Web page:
“[T]he mystery of the Trinity is the mystery of Holiness:
the Glory and the Power of the Trinity is the Glory and Power of God who makes us holy.
There is God dwelling in light inaccessibly, a consuming fire of Holy Love,
destroying all that resists, glorifying into its own purity all that yields.
There is the Son, casting Himself into that consuming fire,
whether in its eternal blessedness in heaven,
or its angry wrath on earth, a willing sacrifice, to be its food and its satisfaction,
as well as the revelation of its power to destroy and to save.
And there is the Spirit of Holiness, the flames of that mighty fire spreading on every side,
convicting and judging as the Spirit of Burning,
and then transforming into its own brightness and holiness all that it can reach.
All the relations of the Three Persons to each other and
to us have their root and their meaning in the revelation of God as the Holy One.
As we know and partake of Him, we shall know and partake of Holiness.”
(a cluster of acorns / Julie Cook / 2016)
Bear always in mind that this is the rule of faith which I profess;
by it I testify that the Father, and the Son, and the Spirit are inseparable from each other,
and so will you know in what sense this is said. Now, observe,
my assertion is that the Father is one, and the Son one, and the Spirit one,
and that They are distinct from Each Other.
This statement is taken in a wrong sense by every uneducated
as well as every perversely disposed person,
as if it predicated a diversity, in such a sense as to imply a separation among the Father,
and the Son, and the Spirit.
I am, moreover, obliged to say this, when (extolling the Monarchy at the expense of the Economy)
they contend for the identity of the Father and Son and Spirit,
that it is not by way of diversity that the Son differs from the Father,
but by distribution: it is not by division that He is different, but by distinction;
because the Father is not the same as the Son,
since they differ one from the other in the mode of their being.
For the Father is the entire substance, but the Son is a derivation and portion of the whole,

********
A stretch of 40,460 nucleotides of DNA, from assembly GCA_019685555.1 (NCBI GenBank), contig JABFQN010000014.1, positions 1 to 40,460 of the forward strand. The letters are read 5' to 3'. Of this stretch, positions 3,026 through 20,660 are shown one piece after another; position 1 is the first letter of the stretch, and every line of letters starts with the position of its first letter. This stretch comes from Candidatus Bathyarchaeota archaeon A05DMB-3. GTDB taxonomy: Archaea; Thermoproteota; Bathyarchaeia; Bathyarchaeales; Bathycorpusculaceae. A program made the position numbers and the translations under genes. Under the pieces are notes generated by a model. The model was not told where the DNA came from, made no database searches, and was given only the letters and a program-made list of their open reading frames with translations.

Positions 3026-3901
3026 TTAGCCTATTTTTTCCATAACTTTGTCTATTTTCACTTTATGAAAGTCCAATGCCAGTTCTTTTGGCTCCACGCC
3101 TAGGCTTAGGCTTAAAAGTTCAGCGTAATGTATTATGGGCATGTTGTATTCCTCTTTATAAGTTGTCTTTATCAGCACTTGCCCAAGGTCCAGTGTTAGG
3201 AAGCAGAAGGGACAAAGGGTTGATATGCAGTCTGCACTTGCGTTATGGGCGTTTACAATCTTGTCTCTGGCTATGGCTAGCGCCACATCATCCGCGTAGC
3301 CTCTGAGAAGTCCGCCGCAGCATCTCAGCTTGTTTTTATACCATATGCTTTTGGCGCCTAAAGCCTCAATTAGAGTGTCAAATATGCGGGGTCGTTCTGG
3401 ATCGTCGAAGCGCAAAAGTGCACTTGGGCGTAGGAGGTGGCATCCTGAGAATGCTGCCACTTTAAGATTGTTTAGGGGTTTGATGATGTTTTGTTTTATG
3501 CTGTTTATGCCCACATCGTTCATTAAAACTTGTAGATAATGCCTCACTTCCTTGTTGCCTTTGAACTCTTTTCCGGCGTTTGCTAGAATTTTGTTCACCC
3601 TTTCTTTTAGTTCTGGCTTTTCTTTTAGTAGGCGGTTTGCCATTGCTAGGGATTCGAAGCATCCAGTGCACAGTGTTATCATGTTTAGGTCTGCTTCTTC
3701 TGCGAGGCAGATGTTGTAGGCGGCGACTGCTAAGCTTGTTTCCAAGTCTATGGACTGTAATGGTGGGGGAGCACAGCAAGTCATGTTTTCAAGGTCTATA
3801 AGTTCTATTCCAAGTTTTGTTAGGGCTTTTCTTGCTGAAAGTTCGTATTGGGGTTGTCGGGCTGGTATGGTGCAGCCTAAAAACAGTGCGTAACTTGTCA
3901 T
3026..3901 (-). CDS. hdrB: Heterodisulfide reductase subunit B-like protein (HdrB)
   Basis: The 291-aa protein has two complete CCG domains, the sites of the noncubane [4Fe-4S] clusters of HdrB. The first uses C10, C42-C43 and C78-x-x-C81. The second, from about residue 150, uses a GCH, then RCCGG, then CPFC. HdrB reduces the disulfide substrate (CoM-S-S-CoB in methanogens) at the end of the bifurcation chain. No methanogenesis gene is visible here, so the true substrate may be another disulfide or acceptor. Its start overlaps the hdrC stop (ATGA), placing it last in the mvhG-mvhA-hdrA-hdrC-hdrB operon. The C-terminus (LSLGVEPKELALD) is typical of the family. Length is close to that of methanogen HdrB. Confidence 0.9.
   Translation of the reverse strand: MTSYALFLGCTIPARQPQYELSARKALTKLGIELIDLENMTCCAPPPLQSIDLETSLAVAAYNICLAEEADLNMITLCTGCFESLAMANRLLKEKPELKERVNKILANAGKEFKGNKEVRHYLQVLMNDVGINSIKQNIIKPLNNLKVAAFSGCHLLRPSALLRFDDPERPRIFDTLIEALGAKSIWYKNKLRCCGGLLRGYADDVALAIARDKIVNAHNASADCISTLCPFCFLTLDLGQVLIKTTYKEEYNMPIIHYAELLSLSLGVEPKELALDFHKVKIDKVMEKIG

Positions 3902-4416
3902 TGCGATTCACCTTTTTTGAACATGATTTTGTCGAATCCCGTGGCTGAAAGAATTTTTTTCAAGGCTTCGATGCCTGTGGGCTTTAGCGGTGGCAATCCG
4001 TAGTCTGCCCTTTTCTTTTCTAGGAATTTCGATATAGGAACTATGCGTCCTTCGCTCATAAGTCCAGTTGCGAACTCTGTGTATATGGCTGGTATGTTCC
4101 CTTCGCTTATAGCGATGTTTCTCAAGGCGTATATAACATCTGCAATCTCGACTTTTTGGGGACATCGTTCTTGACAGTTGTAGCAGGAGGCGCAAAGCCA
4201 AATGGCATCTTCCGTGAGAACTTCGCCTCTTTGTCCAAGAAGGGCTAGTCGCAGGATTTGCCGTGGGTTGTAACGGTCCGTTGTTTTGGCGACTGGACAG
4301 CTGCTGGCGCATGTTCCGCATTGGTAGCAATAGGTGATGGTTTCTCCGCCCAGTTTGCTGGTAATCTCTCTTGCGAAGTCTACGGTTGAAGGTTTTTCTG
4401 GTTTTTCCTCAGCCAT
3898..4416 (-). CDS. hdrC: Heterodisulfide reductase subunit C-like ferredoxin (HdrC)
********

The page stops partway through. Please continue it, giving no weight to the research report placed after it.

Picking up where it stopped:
as He Himself acknowledges: “My Father is greater than I.”
In the Psalm His inferiority is described as being “a little lower than the angels.”
Thus the Father is distinct from the Son, being greater than the Son,
inasmuch as He who begets is one, and He who is begotten is another;
He, too, who sends is one, and He who is sent is another; and He, again,
who makes is one, and He through whom the thing is made is another.
Happily the Lord Himself employs this expression of the person of the Paraclete (Holy Spirit),
so as to signify not a division or severance, but a disposition (of mutual relations in the Godhead);
for He says, “I will pray the Father, and He shall send you another Comforter…
even the Spirit of truth,” thus making the Paraclete distinct from Himself,
even as we say that the Son is also distinct from the Father;
so that He showed a third degree in the Paraclete,
as we believe the second degree is in the Son, by reason of the order observed in the Economy.
Besides, does not the very fact that they have the distinct names of Father and Son amount to a declaration that they are distinct in personality?
For, of course, all things will be what their names represent them to be;
and what they are and ever will be, that will they be called;
and the distinction indicated by the names does not at all admit of any confusion,
because there is none in the things which they designate. “Yes is yes, and no is no;
for what is more than these, cometh of evil.”
Please find this brief youtube clip of Dr. Nabeel Qureshi’s closing remarks during a debate on whether God is Tawhid (oneness) or Trinity… a discussion offered at Wayne State in Detroit, Michigan April 8, 2015 during a discussion between Dr. Qureshi and Dr Shabir Ally
(prayers for Dr Nabeel Qureshi as he is currently being treated for an aggressive
form of stomach cancer)